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Women and Girls with Disabilities in Kyrgyzstan Face a Higher Risk of Sexual Violence and Lack of Access to Justice

KYRGYZSTAN, Bishkek, May 29, 2023  – Deficiencies in the legal system and state social policy, including closed residential institutions, strongly affect access to support and justice in case of sexual violence for women and girls with disabilities finds a new report, Sexual Violence and Disability in Kyrgyzstan: Law, Policy, Practice and Access to Justice released jointly by Kyrgyzstan NGOs Union of Persons with Disabilities Ravenstvo (Equality) and Bir Duino Human Rights Movement, and international women’s rights organization Equality Now.  

The report examines significant legislative and other barriers to justice in Kyrgyzstan for women and girls with disabilities who are survivors of sexual violence. Recommendations to the government of Kyrgyzstan align with its international human rights obligations to overcome these barriers and ensure that women and girls with disabilities are adequately supported and protected.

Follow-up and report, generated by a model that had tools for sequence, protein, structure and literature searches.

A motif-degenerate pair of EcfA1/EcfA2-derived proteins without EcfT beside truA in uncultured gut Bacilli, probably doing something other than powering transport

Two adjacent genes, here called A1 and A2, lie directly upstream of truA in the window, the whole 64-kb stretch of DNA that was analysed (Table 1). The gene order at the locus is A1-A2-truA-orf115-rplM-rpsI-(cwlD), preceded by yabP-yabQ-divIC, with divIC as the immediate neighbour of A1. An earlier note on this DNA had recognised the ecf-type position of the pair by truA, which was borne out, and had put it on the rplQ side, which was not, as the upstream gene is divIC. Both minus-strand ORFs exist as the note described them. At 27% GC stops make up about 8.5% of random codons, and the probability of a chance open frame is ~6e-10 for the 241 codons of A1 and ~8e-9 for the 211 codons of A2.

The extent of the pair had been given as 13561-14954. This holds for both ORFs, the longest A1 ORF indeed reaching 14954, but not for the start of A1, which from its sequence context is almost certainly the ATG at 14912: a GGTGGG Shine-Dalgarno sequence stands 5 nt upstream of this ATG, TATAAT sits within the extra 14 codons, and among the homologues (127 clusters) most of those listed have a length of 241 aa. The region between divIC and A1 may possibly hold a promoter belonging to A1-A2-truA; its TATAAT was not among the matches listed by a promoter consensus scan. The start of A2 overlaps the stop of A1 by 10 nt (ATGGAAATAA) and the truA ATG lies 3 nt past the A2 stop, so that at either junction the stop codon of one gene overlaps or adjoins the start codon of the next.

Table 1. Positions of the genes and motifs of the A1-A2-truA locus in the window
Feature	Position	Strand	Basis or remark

What is the scale of violations? 

Even where a general case of sexual violence is opened, this often does not result in the perpetrator being brought to justice. According to the Ministry of Internal Affairs, of the 604 cases of sexual violence registered in 2021, more than half (53%) were closed based on “the absence of a legally defined crime.” According to the figures provided by the General Prosecutor’s Office about rape in 2021, out of 632 cases, 75% were closed, 21% were brought before the courts, and 4% were pending/remained in progress.

How many of these cases relate to women and girls with disabilities is unknown as such information is not officially recorded.  

Official statistics state there are 203,000 individuals with disabilities in Kyrgyzstan, of whom 40% are women and girls.  Gender-based violence against women remains widespread in Kyrgyzstan, including violence against women and girls with disabilities. The actual scale of the problem is unknown, but according to ‘We Decide,’ a UNFPA-led initiative, in the world, between 40 and 68 percent of girls with disabilities experience sexual violence before the age of eighteen, including by family, intimate partners, caregivers, and institutional facilities.